The growing importance of records about students and of the record-keeping practices of educational institutions has not gone unnoticed. Litigation and the professional literature have drawn attention in recent years to the misuse of personal information in the placement of minority children in programs for the educationally handicapped.17 Research has highlighted the impact of stigmatization on the educational achievements of children and has pointed to the impact on educational decisions of erroneous or incomplete information about students. Court cases prior to the passage of FERPA in 1974 increasingly recognized that decisions made by schools can result in harm to students and that students and parents must therefore have a right of redress.18
Several studies carried out in the early 1970's documented record-keeping problems in both higher education and elementary and secondary schools. In 1970, the Russell Sage Foundation convened a conference on the Ethical and Legal Aspects of School Record Keeping to clarify principles for the management of elementary and secondary school records. Release of the conference report19 was followed by a second conference on Student Records in Higher Education and a second report.20 The recommendations in these reports helped to crystallize concern about the creation, use, and disclosure of school records.
The stimulus for the passage of FERPA was a 1974 study of the National Council of Citizens in Education (NCCE).21 In this report the NCCE identified the following as the most prevalent abuses in elementary and secondary school record keeping:
- carte blanche access to school records by school personnel, law enforcement agencies, welfare and health department workers, and Selective Service Board representatives;
- lack or denial of the right of parents and students to inspect school records, to control what goes into them, and to challenge their contents;
- failure to obtain permission from parents before collecting information on students and their families (for example, before submitting students to psychiatric or personality tests);
- serious abuses in the preparation of student records that follow students throughout their educational careers; and
- failure to inform students and parents when, to whom, and why others are given access to records.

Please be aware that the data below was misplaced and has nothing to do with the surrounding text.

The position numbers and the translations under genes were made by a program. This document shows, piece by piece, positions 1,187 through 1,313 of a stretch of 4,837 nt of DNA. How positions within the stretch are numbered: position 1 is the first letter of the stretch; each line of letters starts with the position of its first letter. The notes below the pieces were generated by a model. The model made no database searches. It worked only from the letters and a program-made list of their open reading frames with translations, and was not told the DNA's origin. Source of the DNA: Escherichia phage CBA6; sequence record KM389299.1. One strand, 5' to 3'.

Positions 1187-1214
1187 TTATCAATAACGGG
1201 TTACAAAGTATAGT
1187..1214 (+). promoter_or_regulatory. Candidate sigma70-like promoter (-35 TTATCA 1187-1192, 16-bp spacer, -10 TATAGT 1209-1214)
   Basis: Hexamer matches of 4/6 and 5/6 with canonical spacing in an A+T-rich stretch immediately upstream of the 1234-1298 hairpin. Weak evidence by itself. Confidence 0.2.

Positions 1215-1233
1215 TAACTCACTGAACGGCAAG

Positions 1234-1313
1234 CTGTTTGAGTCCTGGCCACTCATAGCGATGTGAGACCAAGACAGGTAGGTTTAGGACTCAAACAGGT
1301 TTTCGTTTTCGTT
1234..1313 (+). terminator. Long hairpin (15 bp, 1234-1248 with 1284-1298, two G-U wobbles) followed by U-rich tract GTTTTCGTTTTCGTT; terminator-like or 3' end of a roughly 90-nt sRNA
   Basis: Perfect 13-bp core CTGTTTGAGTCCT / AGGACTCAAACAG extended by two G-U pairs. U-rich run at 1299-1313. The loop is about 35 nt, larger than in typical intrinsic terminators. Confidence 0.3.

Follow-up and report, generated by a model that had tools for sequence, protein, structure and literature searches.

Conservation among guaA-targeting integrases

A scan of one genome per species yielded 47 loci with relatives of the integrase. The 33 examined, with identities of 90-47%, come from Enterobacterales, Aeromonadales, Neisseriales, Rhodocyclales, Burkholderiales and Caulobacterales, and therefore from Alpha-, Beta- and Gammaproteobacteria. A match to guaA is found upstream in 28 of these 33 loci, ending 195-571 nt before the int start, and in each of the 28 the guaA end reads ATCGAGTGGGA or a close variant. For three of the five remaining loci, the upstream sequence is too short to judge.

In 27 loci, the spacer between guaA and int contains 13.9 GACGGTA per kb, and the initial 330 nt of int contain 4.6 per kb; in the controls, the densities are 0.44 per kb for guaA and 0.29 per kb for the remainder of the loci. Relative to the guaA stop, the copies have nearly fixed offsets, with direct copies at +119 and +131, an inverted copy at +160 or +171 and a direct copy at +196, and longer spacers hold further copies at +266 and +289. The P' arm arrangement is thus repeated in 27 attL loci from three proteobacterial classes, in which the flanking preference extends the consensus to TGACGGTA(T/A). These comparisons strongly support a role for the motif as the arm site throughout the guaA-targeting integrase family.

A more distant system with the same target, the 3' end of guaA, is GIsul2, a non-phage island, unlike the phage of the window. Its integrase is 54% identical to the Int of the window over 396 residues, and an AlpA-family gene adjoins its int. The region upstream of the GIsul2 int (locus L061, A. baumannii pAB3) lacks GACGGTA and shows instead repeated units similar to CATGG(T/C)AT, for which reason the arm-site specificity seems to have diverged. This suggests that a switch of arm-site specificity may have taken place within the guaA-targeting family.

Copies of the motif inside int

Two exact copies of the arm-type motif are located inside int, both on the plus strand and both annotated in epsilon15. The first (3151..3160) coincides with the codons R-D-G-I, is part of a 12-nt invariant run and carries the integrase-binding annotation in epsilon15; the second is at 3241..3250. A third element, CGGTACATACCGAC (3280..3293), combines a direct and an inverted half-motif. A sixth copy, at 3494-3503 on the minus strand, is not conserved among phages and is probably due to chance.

On May 14, 1974, Senator James L. Buckley succeeded in getting a floor amendment to the General Education Provision's Act of 1974 which aimed to correct these problems. The two main provisions of the amendment, which applied to any school that receives Federal funds through the U.S. Office of Education (Department of Health, Education, and Welfare), required procedures to assure students and parents access to those records and restricted disclosure of records to third parties. Although the amendment had not been the subject of Congressional hearings, it was adopted by the conference committee on the General Education Provision's Act later that summer and signed into law on August 21, 1974.22 At the time, few educators were aware of it.
During the weeks after its enactment, however, educational institutions and other interested parties around the country launched a massive letter-writing campaign to members of Congress. At this point, the Senate and House Education Subcommittees and the Department of Health, Education, and Welfare Legislative Office took the lead in working out a compromise measure, which Senator Buckley sponsored. Representatives of educational institutions and of parent and student groups contributed to the drafting of the revision, which became known as the Family Educational Rights and Privacy Act. It was passed by both Houses of Congress and signed into law in December 1974.23
The process by which FERPA was enacted had a significant impact on its subsequent implementation. Several factors are important in understanding this impact. First, professional educators were not involved in drafting the original legislation nor even aware of its existence. Although key groups were brought in during the redrafting, their role could only be responsive, not creative, and was, in the main, defensive. Because there had been no national debate or public hearings on the measure, and only a minimum of congressional debate, neither the affected parties (i.e., educational institutions, parents, and students) nor the Department of Health, Education, and Welfare, which had to develop regulations to implement the Act, received much guidance on the manner in which the Act should be interpreted.
Second, FERPA was primarily designed to address documented problems in elementary and secondary schools, but it was made applicable to higher education on the too simple assumption that the problems in both areas are similar and thus that the same principles would apply equally well in both places. Representatives of higher education who participated in drafting the compromise amendment considered the final version to be a vast improvement over the original measure. Nevertheless, they continued to be convinced that FERPA addressed a set of record-keeping problems that were different from those that arise in higher education and thus that the requirements of FERPA would create substantial burdens without benefiting students.